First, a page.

Monday Musings…. Remember Where You Came From
Last week, I talked about waiting and how challenging that can be. Whether it’s waiting for a diagnosis, waiting to hear back from a job interview, or something as simple as waiting in the drive-thru for your Tim Horton’s coffee, there’s something in the fibre of your being that wants results now! It really becomes a head game to keep yourself grounded while you wait, as Rudyard Kipling suggested in his famous poem, “If”.
But what happens when the results of the medical tests come back with bad news, or you get passed over for that job, or, and even though it’s minor, your coffee order is incorrect and you’ve just noticed that 2 km down the road? Whether it’s a minor inconvenience or a major life changing event, you can become disgruntled, discouraged, or despondent. “Why me?” you ask. “Man, I can never catch a break,” you surmise. It’s pretty easy to start to sink, and, especially with more serious issues, to plummet to the depths of despair.
When I’ve worked with people who are teetering on the edge of hopelessness, I remind them that they are still here, in this moment in time. Everything can seem like impending disaster, that the walls are caving in, and that there’s no way to get through this. But they are still here. Breathing.
Then we take a step back, examine the issue at hand and work on a plan, a solution. For every problem, there is a solution. Often the person whose struggling will say, “I don’t know what to do,” as if they are frozen in time and thought. You get that. You’ve been there.
So, where do you start? Remember where you came from. Leading up to today, you’ve likely gone through some situations you thought you could never get through. Maybe it was not as difficult as your current circumstance, but challenging nonetheless. Think back and ask yourself, how did you get through it? When you thought it was ‘the end of the world’, what pulled you through? Is it possible to draw on that same source of strength, that same strategy in the situation you’re in now?
These may be tough questions to answer, especially if you haven’t struggled much in life. Whatever has worked for you in the past, even in small setbacks, can you try it? The point here, is to go from overthinking and indecision to actually trying to do something to ‘fix’ the problem.
Hoping the problem will go away is not the solution. Even talking to multiple people to get their opinions delays the solution. And to be honest, you are only listening to the people who give you the advice that either agrees with your own idea, or is the path of least resistance. Saying “I don’t know what to do” won’t get you anywhere. In the end, you must decide and then act. Inaction only allows your brain more time to ruminate, like a cow chewing her cud over and over, but it’s the same piece of grass, the same problem continuing to be sloshed around in your head. Stop thinking, come up with a plan, and act!
But…. but…. what if….? Do not hesitate. Anxiety breeds indecision. Fear is not the midwife you need by your side when times get tough. Instead, you need Perseverance to push past the barriers of “I can’t’” or “This won’t work” to encourage you do whatever it takes to solve the issue.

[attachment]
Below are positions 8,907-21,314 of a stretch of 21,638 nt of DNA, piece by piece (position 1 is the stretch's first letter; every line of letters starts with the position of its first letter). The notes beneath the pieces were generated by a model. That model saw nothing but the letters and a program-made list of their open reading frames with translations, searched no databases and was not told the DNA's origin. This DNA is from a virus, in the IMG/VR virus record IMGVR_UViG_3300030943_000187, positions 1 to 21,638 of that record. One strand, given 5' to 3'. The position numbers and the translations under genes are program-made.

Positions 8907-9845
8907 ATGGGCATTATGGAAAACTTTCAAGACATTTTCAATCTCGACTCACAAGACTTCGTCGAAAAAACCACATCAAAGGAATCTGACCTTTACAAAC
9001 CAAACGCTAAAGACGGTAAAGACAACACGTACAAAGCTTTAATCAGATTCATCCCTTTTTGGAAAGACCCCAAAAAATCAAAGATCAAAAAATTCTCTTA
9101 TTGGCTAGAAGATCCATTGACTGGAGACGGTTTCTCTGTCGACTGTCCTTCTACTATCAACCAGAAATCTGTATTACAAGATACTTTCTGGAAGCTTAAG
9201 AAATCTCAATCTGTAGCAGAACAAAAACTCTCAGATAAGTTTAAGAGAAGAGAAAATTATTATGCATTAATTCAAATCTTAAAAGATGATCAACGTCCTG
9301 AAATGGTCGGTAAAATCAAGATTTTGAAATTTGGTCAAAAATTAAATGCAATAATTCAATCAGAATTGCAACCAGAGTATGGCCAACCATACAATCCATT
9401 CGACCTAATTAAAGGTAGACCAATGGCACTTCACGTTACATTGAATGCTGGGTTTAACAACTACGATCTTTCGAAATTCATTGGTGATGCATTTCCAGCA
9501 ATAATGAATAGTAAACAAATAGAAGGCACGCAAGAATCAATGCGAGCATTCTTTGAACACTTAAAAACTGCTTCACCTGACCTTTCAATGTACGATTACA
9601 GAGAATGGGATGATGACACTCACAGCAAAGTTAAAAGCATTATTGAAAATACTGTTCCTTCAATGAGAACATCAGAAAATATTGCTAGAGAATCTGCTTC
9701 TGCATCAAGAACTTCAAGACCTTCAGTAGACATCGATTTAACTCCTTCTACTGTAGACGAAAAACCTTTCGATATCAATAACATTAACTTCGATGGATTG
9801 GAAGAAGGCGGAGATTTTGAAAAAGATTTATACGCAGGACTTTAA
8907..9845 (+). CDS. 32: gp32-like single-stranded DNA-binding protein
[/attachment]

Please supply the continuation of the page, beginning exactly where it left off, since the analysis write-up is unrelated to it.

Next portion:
Remember where you came from. When I was a child, I was often left to fend for myself outdoors. In fact, I always had to ring the doorbell to be let into my house, but that’s not to say that I was actually allowed in. There were a few reasons for that, but one of the main ones was that I was a rather busy and messy kid (substitute ADHD). So, what do you do when you can’t go inside your own house? Well, I could have sat on the step and cried, and I can tell you that would not have worked. It would have been a complete and utter waste of time and emotion. I could have gone to my friend’s house across the street, but that would be impossible to do every day, and they didn’t care much for a busy and messy kid either. So, I had to think of something I could do on any given day, no matter the weather. I came up with a plan: on rainy days I delighted in jumping into the biggest puddles getting completely soaked; on sunny days I went to the biggest hill in my town and rolled down, repeatedly, getting my clean clothes nicely grass-stained; on cloudy days, I worked at building a shelter in the tree tops, accumulating multiple scrapes and burns from climbing; on snowy days, I found my way to the library, sat in a bean bag chair, and read the encyclopedias that gave me just enough information to peak my curiosity before losing interest and moving on to the next subject in alphabetical order. I had a problem, thought of a solution, and followed through by executing it. My solution protected me from the elements, I never got bored, and now I have a brain full of Jeopardy trivia!
You need to know that this was an everyday occurrence for me, trying to manage something that seemed out of my control. Instead of wallowing in self pity, or becoming angry at the injustice, or paralyzed into accepting my fate, I chose to act. I was young but teachable, and by that, I mean that sometimes you teach yourself the best lessons when you own the problem and figure out the solution. I constantly think back to how I got through things in my past to come up with solutions whenever there are seemingly insurmountable problems in my present world.
So, the next time when situations threaten to make you stumble, and you don’t know what to do, remember where you came from, how you got to where you are now, and take control of where you want to be moving forward. Don’t over-analyze. Use a tactic from the past that has worked and do it! In the profound words of Yoda: “Do or do not. There is no try.”
The video and the song lyrics remind me of my childhood, as I remember where I came from: